Thanks for posting that tutorial. I am in the process of making some scoter sleds as well. Your info will help me out for sure. Thanks again, Eric.
Great tutorial Nate.Now I'm interested on how they are rigged,deployed,and /or weighted if necessary.
Reading this now in the morning, I have to apologize for my poor writing. It was late and I was having PC problems. Oh well.

For the painting part, you can paint the sheet of plywood before cutting out if you like. That would save you some time. Because these silos are made from plywood you will need to take a little more care in the way you paint/finish them. They need to be sealed well in order to prevent moisture from getting in between the layers of ply. I will be rolling on a coat of Cabot Problem Solver primer. It is a penetrating primer and it will get down into the layers. I may roll two coats on the edges to be safe. After that, I'll roll a coat of tinted grey primer on. I like Fresh Start from Ben Moore. I used Fresh Start on the crossboards once they were ripped down to the size I wanted. After the primer, I will roll on a coat of either black FME or flat black rustoluem, whichever I have on hand. The white highlights on the scoter can be sprayed on using a stencil.

I'll put some pics up of this process in the next week or so.

Do any of you have photos of these in a spread? Are these similar to V-boards? How are they anchored for use?

Is there a specific type for plywood used or would CDX be fine? Has anyone ever made/used these for Non-seaducks? Divers of geese?

How have the sleds been working for you? We gave up using them about 10 years ago in favor of individual dekes for sea ducks. We could get the scoters to commit, but the eider and Old Squaw didn't want to come in to visit as close as we'd like in the TDB 17 (they commit suicide when we're using a layout). We're using Quack eiders and squaws on longlines. I think I've still got three sets of sleds, and the only difference is the flare you have on yours, which looks like a good addition.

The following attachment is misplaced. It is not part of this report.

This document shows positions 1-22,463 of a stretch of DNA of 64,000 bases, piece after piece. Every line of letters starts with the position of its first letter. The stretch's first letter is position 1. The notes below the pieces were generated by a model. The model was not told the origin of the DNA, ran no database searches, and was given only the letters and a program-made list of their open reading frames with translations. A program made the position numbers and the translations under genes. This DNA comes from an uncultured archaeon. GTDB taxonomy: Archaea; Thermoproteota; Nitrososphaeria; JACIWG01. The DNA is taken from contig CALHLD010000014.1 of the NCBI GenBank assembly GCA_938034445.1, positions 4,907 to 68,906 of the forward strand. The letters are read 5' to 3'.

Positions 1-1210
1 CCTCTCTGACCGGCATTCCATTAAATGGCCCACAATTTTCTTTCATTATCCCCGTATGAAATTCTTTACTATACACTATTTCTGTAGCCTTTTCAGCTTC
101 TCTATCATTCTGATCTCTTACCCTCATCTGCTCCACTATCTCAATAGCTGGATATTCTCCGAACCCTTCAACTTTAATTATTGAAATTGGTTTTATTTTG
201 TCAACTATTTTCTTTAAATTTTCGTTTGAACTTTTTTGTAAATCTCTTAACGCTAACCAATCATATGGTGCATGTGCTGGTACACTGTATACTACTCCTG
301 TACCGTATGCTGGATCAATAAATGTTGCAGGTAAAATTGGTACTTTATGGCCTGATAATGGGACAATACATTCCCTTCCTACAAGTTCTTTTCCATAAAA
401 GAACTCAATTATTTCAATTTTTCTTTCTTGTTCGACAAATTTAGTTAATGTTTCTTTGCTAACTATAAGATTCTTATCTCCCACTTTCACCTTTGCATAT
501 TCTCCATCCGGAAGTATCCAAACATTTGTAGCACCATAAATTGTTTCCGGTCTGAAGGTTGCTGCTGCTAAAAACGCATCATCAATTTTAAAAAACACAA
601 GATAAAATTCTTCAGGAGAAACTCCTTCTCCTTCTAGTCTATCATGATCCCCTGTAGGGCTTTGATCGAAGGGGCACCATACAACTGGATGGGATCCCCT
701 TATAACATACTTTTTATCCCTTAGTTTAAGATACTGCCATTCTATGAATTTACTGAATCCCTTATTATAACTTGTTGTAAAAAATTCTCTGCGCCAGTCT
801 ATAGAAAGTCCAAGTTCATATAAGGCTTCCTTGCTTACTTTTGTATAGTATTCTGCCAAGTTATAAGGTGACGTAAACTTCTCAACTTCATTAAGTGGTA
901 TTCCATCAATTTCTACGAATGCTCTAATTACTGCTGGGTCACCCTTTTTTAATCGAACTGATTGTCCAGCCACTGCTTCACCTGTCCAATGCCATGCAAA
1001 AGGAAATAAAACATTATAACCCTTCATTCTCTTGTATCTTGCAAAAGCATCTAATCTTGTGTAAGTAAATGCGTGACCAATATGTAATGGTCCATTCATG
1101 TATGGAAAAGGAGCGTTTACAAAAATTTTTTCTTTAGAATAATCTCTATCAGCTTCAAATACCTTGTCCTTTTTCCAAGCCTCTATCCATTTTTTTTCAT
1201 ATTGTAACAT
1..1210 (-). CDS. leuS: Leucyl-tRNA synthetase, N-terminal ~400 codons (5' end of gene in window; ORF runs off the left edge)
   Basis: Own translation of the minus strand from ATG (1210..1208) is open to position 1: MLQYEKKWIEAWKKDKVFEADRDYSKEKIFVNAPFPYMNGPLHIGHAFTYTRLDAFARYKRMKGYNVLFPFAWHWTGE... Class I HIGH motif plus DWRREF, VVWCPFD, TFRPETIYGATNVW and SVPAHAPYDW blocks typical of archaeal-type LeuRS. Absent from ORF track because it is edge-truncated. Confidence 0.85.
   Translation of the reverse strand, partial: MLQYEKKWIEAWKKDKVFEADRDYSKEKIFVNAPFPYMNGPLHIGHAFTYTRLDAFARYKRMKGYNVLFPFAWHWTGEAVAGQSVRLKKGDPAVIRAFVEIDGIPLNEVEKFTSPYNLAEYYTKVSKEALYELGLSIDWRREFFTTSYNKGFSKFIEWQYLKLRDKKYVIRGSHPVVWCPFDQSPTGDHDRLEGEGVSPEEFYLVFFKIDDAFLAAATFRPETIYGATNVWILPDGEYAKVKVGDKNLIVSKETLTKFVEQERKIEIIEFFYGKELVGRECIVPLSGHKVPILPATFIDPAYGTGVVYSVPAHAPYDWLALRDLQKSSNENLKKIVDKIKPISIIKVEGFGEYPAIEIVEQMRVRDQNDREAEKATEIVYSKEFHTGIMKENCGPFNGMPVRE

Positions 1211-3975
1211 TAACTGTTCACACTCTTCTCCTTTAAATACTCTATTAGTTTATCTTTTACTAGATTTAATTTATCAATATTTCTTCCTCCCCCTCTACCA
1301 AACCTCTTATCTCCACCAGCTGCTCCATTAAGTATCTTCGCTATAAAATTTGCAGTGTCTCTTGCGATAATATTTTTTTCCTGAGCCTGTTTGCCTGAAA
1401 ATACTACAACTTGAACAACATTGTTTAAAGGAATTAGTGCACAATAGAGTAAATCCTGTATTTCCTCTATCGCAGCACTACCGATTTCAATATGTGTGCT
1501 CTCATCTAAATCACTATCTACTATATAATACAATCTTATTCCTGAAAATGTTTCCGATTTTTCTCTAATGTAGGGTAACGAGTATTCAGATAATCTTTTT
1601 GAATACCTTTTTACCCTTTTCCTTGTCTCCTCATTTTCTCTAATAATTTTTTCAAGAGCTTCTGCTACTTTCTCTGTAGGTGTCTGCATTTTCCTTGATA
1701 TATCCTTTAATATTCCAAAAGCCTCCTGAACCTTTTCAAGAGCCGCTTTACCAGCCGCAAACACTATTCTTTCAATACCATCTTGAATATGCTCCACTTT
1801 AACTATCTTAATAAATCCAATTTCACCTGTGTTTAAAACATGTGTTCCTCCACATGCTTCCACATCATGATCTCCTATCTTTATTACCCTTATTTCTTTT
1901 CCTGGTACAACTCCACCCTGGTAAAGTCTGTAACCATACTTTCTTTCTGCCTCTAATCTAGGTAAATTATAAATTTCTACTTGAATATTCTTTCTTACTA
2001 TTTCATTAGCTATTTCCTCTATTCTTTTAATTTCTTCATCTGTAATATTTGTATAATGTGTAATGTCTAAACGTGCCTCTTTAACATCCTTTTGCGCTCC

Thanks Mike. Looking forward to seeing them. Let me know when the checks get there.

Matt - let me see if I have any pictures of sleds in the water. I made these last summer and actually did not have a chance to use them. I used the cheap $15 a sheet plywood and would not do that again. I had to seal the edges with glue and then seal them with Spar Varnish and then paint them. They will still delam in a few years. I'd use the higher grade 1/2" plywood - AC I think? Or, use 1/2 inch or 5/8 inch pine boards. You can make these for geese and brant or other species. They work great. I would not sea duck hunt without sleds. The birds really key on them from a distance and help pull birds in from far off. You can see sleds up to a mile away on the water while the full bodies tend to disappear - from my experience.